What seems to be a meteorite has struck the western Cuban town of Viñales, according to local news reports.
Residents reported loud explosions and a trail in the sky earlier this afternoon, and the U.S. National Weather Service confirmed having received reports of a meteorite seen in the skies above the Florida Keys.
Reporters at the Cuban television station TelePinar tweeted that they’d found palm-sized black stones after the blast, ironically near a mural of dinosaurs.
#CUBA: This is a close up of a #rock people in the #Viñales area believe is part of the #meteorite that fell in the area. You can see this one is almost the size of a #mobile phone. @WPLGLocal10 pic.twitter.com/xDO0jy6tCO
— Hatzel Vela (@HatzelVelaWPLG) February 1, 2019
Reporteros de @TelePinar en el #MuraldelaPrehistoria #Viñales #PinarDelRio constatan caída de piedras negras de alrededor de 7 cm luego de un gran estruendo. @fatimaTelePinar investiga #Cuba pic.twitter.com/NLLvVcr18U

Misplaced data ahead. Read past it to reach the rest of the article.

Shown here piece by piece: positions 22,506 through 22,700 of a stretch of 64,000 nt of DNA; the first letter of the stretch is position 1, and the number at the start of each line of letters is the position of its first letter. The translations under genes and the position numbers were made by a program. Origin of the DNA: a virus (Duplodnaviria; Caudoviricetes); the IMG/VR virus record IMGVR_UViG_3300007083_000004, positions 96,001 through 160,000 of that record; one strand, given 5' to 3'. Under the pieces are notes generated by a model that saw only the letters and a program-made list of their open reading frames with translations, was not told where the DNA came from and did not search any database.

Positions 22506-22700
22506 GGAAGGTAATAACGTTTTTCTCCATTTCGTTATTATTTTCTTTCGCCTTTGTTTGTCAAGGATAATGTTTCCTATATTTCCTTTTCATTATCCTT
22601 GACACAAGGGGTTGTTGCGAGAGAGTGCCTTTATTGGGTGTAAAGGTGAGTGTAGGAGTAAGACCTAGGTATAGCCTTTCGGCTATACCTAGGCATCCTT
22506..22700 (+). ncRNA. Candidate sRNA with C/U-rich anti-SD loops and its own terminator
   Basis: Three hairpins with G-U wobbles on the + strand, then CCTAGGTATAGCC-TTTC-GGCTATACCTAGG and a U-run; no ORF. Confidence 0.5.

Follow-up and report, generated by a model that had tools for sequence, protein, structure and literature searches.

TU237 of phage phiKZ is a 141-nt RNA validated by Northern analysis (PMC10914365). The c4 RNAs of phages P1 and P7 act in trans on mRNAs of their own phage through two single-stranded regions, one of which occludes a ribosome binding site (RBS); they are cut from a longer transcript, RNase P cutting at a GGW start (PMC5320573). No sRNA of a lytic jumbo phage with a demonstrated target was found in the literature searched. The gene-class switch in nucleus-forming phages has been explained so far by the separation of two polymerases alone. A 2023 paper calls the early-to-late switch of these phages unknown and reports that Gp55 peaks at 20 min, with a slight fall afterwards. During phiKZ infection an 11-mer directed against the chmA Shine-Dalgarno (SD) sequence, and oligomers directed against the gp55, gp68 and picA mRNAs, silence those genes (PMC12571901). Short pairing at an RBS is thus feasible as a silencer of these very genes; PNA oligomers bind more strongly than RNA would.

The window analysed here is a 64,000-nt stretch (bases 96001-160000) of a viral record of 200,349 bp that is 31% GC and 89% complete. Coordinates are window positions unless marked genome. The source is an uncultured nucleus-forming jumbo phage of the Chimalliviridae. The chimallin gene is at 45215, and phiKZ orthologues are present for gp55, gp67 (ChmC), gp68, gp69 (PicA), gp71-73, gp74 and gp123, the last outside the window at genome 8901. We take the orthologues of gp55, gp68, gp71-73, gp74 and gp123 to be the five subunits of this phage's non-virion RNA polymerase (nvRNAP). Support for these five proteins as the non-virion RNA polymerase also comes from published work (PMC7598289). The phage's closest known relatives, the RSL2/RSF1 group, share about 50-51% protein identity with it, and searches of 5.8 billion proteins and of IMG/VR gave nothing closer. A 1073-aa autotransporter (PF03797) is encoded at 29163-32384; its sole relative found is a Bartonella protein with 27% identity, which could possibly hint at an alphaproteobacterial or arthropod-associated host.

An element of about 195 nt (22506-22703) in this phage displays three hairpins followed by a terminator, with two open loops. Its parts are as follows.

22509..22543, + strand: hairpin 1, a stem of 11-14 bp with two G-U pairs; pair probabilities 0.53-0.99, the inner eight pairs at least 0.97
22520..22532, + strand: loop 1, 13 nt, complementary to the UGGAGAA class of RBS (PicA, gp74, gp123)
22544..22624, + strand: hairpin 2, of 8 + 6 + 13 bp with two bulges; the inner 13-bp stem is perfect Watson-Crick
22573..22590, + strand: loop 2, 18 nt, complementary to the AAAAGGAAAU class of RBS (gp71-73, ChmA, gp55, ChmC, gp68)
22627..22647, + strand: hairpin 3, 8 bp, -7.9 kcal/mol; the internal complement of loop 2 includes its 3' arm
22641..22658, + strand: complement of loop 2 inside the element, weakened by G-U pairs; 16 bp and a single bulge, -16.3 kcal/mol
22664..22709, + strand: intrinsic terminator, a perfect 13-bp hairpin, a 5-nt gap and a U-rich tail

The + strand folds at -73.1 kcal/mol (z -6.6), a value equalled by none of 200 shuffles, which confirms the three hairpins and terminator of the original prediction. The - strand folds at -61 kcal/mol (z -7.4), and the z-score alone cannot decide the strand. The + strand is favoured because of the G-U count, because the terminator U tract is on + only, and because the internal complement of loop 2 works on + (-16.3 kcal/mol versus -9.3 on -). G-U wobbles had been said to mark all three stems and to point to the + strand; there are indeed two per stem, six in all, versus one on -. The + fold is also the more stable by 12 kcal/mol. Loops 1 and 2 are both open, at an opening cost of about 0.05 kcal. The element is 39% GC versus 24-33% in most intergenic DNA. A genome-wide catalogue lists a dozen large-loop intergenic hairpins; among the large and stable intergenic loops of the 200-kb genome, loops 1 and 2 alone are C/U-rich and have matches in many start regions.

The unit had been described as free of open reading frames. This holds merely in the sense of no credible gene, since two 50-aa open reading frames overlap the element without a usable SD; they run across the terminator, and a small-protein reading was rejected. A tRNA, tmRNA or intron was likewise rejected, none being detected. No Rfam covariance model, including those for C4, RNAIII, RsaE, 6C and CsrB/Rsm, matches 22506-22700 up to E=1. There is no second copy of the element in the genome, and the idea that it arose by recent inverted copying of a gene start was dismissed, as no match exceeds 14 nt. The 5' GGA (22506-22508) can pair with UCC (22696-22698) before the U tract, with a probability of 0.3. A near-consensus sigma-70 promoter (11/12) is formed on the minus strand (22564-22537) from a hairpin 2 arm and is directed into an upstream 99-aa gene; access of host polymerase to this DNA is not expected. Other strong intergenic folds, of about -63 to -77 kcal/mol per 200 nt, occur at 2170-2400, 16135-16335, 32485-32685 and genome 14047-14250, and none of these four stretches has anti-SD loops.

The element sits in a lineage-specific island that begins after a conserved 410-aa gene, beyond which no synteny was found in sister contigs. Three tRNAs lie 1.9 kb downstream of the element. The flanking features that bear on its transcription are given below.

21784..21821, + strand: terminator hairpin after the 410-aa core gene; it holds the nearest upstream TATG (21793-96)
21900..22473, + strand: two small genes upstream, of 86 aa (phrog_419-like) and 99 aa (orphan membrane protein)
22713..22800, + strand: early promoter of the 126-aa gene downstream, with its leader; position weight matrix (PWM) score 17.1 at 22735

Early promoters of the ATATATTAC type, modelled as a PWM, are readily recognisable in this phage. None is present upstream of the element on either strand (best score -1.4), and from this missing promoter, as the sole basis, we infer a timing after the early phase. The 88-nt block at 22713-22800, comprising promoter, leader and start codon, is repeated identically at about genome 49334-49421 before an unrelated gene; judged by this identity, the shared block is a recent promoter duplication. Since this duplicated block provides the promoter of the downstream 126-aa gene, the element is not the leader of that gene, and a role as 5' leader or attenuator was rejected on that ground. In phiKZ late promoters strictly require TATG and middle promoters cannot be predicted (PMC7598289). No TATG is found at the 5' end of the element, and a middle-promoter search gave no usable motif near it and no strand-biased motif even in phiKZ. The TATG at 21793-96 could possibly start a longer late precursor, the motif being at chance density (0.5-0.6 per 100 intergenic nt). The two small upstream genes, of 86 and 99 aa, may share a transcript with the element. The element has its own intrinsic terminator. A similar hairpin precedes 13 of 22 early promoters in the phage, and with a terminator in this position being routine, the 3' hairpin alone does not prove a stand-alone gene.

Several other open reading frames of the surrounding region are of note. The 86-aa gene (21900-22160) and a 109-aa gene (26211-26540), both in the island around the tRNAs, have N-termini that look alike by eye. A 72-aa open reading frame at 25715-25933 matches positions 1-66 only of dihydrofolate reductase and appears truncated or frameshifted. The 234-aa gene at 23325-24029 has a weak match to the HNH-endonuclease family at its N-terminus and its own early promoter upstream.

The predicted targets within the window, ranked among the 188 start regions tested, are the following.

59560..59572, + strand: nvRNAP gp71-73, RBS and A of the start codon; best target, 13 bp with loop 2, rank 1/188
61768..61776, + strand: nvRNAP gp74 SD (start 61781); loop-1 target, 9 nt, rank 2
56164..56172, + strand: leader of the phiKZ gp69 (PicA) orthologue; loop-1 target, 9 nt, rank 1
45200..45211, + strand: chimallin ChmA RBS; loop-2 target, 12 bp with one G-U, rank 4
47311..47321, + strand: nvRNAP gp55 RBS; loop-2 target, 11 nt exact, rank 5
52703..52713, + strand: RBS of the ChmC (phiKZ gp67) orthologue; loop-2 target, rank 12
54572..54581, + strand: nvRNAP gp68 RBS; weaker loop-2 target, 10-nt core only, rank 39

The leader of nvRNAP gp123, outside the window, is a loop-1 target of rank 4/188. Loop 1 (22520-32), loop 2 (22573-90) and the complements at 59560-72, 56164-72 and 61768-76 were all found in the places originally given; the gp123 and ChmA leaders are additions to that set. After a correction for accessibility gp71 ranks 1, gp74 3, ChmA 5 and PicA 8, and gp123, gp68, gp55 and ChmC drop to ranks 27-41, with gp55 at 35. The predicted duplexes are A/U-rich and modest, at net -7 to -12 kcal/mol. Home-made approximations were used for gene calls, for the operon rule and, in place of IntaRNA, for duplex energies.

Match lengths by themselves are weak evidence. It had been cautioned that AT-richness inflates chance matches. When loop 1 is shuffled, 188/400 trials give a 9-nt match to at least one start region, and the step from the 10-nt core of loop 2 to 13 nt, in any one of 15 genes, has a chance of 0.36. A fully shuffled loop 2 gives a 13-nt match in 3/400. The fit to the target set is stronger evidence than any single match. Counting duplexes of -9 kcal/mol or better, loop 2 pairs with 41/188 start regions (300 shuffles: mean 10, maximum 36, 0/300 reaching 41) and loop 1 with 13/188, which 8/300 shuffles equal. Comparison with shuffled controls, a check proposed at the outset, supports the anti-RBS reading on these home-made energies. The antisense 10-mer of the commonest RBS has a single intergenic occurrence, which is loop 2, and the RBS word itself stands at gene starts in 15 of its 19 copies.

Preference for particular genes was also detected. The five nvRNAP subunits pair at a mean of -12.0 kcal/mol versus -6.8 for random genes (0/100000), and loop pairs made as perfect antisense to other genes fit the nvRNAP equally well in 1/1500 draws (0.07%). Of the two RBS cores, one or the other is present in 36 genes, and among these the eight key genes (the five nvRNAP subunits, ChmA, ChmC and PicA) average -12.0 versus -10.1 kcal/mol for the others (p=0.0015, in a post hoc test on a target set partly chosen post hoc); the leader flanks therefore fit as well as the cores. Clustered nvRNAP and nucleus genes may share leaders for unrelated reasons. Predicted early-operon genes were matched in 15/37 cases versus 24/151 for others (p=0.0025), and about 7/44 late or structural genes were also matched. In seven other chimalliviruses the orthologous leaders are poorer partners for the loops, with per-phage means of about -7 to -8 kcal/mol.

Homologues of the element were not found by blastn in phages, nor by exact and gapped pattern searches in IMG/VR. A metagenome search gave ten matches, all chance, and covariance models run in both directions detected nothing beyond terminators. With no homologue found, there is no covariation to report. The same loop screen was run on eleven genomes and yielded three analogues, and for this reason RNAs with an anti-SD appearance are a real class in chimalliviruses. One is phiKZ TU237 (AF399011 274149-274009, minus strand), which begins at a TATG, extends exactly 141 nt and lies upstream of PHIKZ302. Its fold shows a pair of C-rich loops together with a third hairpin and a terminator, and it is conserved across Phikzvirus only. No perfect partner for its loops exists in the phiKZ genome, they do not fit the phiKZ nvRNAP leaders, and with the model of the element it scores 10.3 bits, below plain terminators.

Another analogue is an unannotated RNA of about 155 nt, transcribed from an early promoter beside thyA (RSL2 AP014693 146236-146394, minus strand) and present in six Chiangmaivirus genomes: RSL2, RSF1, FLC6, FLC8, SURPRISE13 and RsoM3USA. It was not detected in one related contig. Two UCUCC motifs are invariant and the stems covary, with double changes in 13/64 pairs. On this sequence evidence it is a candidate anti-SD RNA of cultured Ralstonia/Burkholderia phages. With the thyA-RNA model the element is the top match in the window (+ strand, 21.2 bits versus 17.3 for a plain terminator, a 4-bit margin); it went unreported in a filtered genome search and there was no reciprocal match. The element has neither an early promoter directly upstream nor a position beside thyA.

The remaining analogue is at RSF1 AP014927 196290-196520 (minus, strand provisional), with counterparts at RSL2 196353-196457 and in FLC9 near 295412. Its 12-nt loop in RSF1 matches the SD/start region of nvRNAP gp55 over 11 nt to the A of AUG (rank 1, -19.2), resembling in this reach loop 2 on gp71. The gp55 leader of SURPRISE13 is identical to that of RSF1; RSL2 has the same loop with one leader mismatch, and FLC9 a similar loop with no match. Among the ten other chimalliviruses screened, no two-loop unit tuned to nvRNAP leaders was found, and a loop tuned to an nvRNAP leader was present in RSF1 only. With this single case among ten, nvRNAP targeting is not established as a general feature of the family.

— Rolando Segura (@rolandoteleSUR) February 1, 2019
There have been no reported injuries.
In the video below, what seems to be a sonic boom can be heard at 0:46. Objects moving faster than the speed of sound produce these loud shockwaves, which are powerful enough to break glass.
Meteorite strikes are more common than you might think. Dust-grain size meteoroids strike the Earth’s atmosphere almost constantly, but they often go unnoticed. Meteoroids between a millimetre and a centimetre burn up in the atmosphere and appear to us as shooting stars. Larger strikes are less common – a one-metre meteoroid strikes the Earth once each year on average and would reach the ground as smaller debris, while a 100-metre meteoroid strikes the Earth approximately every 10,000 years, according to a Tufts University fact sheet. Meteoroids over 1 kilometre hitting Earth are catastrophic events that occur every 1 million years on average.
But medium-size strikes can be dramatic spectacles – and in some cases, dangerous. The Chelyabinsk meteor that struck southern Russia in February 2013 blew out windows and caused indirect injuries to almost 1,500 people.
We will update this post as we learn more.
Featured image: Juan Alberto Pérez Pozo (YouTube)